BERLIN (Reuters) - The International Olympic Committee said on Thursday it was "closely monitoring" rising tensions on the Korean peninsula, less than 200 days before the 2018 Winter Olympics are set to begin in South Korea's Pyeongchang.
The Games return to the country next year for the first time since the 1988 summer Olympics in Seoul. But what would be the first winter Games in Asia outside Japan and the first of three consecutive Olympics on the continent risk being overshadowed by the mounting crisis involving North Korea.
The reclusive North's apparent progress in developing nuclear weapons and missiles capable of hitting the U.S. mainland led to a war of words this week between the two countries, unnerving regional powers.
President Donald Trump said the United States would respond with "fire and fury" if North Korea threatened it. North Korea dismissed the warnings and outlined detailed plans for a missile strike near the U.S. Pacific territory of Guam.
- PHOTOS: Massachusetts residents make first retail marijuana purchases 12 Pictures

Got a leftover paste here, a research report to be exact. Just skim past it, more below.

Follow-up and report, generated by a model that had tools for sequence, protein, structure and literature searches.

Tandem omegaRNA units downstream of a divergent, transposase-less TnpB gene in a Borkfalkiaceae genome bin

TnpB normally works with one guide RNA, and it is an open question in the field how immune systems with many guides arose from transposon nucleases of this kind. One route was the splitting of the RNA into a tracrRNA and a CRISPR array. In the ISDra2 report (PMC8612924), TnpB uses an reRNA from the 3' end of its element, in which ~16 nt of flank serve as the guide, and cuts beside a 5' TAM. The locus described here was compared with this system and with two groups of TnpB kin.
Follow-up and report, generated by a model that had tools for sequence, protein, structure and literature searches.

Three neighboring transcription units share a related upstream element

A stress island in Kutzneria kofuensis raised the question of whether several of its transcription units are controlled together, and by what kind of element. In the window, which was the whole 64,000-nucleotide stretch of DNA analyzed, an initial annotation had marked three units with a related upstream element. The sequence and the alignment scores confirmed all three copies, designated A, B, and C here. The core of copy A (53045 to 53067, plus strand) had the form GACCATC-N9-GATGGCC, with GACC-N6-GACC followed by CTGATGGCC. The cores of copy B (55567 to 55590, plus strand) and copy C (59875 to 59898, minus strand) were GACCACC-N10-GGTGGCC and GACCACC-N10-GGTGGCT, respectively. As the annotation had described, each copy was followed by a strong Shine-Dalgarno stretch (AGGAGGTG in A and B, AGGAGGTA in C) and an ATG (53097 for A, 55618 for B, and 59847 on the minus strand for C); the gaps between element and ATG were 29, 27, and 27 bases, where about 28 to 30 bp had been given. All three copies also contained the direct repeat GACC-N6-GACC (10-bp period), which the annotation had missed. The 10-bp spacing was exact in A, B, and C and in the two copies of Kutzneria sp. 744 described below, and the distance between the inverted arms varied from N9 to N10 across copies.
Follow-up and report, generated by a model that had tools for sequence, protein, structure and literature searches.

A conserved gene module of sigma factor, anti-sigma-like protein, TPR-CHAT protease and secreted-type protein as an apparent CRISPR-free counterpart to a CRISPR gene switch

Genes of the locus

- Prepare for GoT season 8 with this Game of Thrones whisky 8 Pictures
Experts in South Korea said the plans for an attack around Guam ratcheted up risks significantly, since Washington was likely to view any missile aimed at its territory as a provocation, even if it were launched as a test.
"We are monitoring the situation on the Korean peninsula and the region very closely," an IOC spokesperson said. "The IOC is keeping itself informed about the developments. We continue working with the organizing committee on the preparations of these Games, which continue to be on track."
South Korea had failed twice to land the winter Olympics of 2010 and 2014 but succeeded in getting the nod in 2011 for the 2018 edition, which is scheduled for Feb. 9-25.
South Korean President Moon Jae-in said last month the North will be given until the last minute to decide whether it will take part in the Olympics. He wants to get North Korea involved, even though none of its athletes have met the qualification standards.
His proposal for a unified team has already been turned down by a top North Korean sports official as unrealistic in the current political climate.
(Reporting by Karolos Grohmann, editing by Larry King)